Dubber, M.-J. (2006) Application of CE, HPLC and LC-MS-MS for the analysis and quality control of Ginkgo biloba dosage forms. PhD thesis, Rhodes University.
Natural products are complex mixtures of compounds with therapeutic effects which are often reported to be due to the synergistic action of multiple and sometimes unknown components. Consequently, standardization of these products is complex and a lack of effective quality control (QC) criteria in most countries has led to marketing of commercial products with questionable quality, safety and efficacy (QSE). The aim of this study was therefore to develop qualitative and quantitative analytical methods for use in the QC of Ginkgo biloba solid oral dosage forms. Initially, a micellar electrokinetic chromatography (MEKC) method was developed for the identification of the flavonol glycosides, rutin and quercitrin as well as 3 flavonol aglycones, quercetin, kaempferol and isorhamnetin in crude extracts of 4 Ginkgo biloba solid oral dosage forms using ultraviolet (UV) detection. A reversed-flow cyclodextrin-modified MEKC method was subsequently developed for the simultaneous determination of the aforementioned flavonols as well as ginkgolide A, B, C, J and bilobalide (all positive markers) in Ginkgo commercial products. A non-aqueous capillary electrophoresis (CE) method was also developed for fingerprinting the presence of ginkgolic acids (negative markers) in Ginkgo biloba leaf extracts, which are purported to be associated with toxic properties. This method was also applied to 2 Ginkgo biloba commercial products. Since the flavonols have strong UV absorbing chromophores, a reversed phase high-performance liquid chromatographic (RP-HPLC) method was developed and validated using photo-diode-array (PDA) detection which was then successfully applied to fingerprint commercially available Ginkgo biloba solid oral dosage forms as well as quantify the relevant flavonol markers present in these extracts. Sample preparation was simple, rapid and cost efficient with minimal clean-up and the employment of a minibore column which requires low mobile phase flow rates contributed to the economy of the method. Unlike the conventional QC approach, samples were not hydrolyzed and direct determination of 2 intact flavonol glycosides, together with the usual aglycone markers was facilitated which provided maximal content information for fingerprint comparisons. On the other hand, terpene trilactones possess poor chromophores and an alternative detection method to UV was required in order to obtain suitable sensitivity. RP-HPLC with evaporative light scattering detection (ELSD) was selected for quantification of these non-volatile constituents in Ginkgo dosage forms and this method was deemed suitable for the routine QC analysis of these positive markers in commercial products. Since approximately 33 flavonoids have been identified in Ginkgo biloba leaf extracts, baseline separation using UV/PDA detection normally requires complex gradient programs and long analysis times. In addition, unequivocal identification of the flavonoids with similar UV spectra and elution times cannot be guaranteed. A liquid chromatographic tandem mass spectrometric (LC-MS-MS) method was therefore developed and validated in order to ensure accurate quantification of the selected flavonol marker compounds in Ginkgo commercial products. LC-MS-MS analysis of Ginkgo extracts revealed, in addition to rutin, the possible presence of other quercetin analogues, quercetin-3-Orhamnoside-7-O-glucoside or quercetin-3-O-glucoside-7-O-rhamnoside, previously unreported in Ginkgo biloba leaf extracts or dosage forms. In terms of evaluating the most suitable analytical method for QC, CE shows exceptional potential in the future analysis of Ginkgo biloba dosage forms while HPLC-PDA and HPLC-ELSD are currently the most affordable and practical instruments for the routine analysis of the flavonols and terpenoids, respectively. LC-MS-MS proved to be pivotal for the accurate identification and quantification of the flavonols due to interference by other flavonoid compounds with similar retention times and UV spectra to the peaks of interest. All quantitative and qualitative results revealed large discrepancies in the marker content between the products regardless of which batch was analysed and product labels disclosed little relevant information. Although currently not required by most regulatory agencies, some of the usual quality criteria applied to orthodox medicines was evaluated. In particular, dissolution analysis, disintegration, tablet hardness and weight uniformity were assessed and revealed similar inconsistencies. This thesis emphasises that implementation of effective QC criteria is long overdue and is essential to ensure consistent product QSE of commercially available Ginkgo biloba solid oral dosage forms.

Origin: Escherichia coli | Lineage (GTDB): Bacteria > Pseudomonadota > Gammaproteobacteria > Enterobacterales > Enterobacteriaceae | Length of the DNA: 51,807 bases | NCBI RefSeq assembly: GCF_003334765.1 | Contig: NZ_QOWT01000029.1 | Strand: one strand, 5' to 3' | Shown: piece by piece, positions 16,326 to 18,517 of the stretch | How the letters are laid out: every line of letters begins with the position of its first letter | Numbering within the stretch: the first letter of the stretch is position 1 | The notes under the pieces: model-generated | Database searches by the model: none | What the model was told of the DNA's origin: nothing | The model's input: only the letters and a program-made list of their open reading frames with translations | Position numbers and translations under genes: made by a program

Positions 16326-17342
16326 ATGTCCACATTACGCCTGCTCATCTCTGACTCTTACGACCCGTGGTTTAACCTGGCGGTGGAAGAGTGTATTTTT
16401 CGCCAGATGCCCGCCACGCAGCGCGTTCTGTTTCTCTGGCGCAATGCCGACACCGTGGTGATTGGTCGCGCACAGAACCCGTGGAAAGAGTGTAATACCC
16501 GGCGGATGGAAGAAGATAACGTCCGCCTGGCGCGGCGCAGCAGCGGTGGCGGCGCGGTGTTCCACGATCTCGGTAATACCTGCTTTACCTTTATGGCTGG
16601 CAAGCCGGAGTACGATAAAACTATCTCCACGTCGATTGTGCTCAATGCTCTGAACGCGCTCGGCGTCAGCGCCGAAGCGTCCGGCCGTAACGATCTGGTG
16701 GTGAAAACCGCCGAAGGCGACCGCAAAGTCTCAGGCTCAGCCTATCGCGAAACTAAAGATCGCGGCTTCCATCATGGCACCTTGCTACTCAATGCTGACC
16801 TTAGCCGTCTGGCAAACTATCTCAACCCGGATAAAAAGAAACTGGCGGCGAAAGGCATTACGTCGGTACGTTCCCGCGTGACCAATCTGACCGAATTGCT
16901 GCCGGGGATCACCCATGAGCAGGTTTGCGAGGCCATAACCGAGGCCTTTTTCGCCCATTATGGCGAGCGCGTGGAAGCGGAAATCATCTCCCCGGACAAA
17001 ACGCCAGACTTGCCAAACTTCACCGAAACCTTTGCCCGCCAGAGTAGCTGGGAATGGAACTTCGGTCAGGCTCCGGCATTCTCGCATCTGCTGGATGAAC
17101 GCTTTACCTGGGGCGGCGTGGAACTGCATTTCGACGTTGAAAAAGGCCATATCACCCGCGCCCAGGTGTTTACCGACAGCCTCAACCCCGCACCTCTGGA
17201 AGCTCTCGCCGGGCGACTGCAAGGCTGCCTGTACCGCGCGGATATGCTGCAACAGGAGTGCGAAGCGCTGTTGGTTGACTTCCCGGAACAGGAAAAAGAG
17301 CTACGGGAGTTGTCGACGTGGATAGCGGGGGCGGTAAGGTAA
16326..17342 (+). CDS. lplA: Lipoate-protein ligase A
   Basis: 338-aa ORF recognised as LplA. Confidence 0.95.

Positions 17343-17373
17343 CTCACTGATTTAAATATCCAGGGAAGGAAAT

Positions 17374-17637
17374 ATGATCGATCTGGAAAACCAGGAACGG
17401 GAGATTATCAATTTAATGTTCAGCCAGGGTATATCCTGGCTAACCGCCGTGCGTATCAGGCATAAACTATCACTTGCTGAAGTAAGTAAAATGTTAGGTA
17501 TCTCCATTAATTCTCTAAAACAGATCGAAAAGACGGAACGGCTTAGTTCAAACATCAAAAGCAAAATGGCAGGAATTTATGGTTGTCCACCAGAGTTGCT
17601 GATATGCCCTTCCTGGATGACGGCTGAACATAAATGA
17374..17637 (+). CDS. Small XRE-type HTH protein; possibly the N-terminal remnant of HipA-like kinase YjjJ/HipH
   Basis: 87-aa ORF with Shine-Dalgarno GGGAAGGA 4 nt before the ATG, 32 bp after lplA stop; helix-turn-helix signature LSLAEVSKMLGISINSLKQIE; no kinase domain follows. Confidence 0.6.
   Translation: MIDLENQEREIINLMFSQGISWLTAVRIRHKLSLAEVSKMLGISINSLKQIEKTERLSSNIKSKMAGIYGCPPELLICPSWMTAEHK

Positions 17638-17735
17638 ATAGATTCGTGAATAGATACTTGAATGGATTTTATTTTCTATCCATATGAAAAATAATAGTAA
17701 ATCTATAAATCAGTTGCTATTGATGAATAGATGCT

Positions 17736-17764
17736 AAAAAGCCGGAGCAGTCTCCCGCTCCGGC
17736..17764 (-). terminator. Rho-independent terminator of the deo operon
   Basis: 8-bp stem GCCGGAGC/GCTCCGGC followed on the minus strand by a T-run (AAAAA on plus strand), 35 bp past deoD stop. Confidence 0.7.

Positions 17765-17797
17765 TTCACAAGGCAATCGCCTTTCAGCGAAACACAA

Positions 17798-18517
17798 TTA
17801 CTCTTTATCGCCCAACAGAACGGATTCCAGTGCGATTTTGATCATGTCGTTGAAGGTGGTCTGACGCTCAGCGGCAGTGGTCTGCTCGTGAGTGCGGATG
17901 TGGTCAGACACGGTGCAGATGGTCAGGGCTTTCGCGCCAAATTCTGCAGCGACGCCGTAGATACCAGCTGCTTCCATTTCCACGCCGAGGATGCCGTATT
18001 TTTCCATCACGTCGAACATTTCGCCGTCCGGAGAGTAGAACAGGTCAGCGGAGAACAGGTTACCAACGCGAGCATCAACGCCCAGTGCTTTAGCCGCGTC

|Item Type:||Thesis (PhD)|
|Additional Information:||Ph.D. (Pharmacy); CD-ROM contains SOPS (Standard Operating Procedure for Laboratory) and Web sites (not included in online version)|
|Uncontrolled Keywords:||pharmaceutical chemistry, quality control, Ginkgo biloba, Micelles, capillary electrophoresis, high performance liquid chromatography, drug dosage forms, flavonoids, terpenes, herbals|
|Subjects:||Y Unknown > Subjects to be assigned|
|Divisions:||Faculty > Faculty of Pharmacy|
|Supervisors:||Kanfer, I. (Prof.)|
|Deposited By:||Rhodes Library Archive Administrator|
|Deposited On:||05 Sep 2006|
|Last Modified:||06 Jan 2012 16:17|
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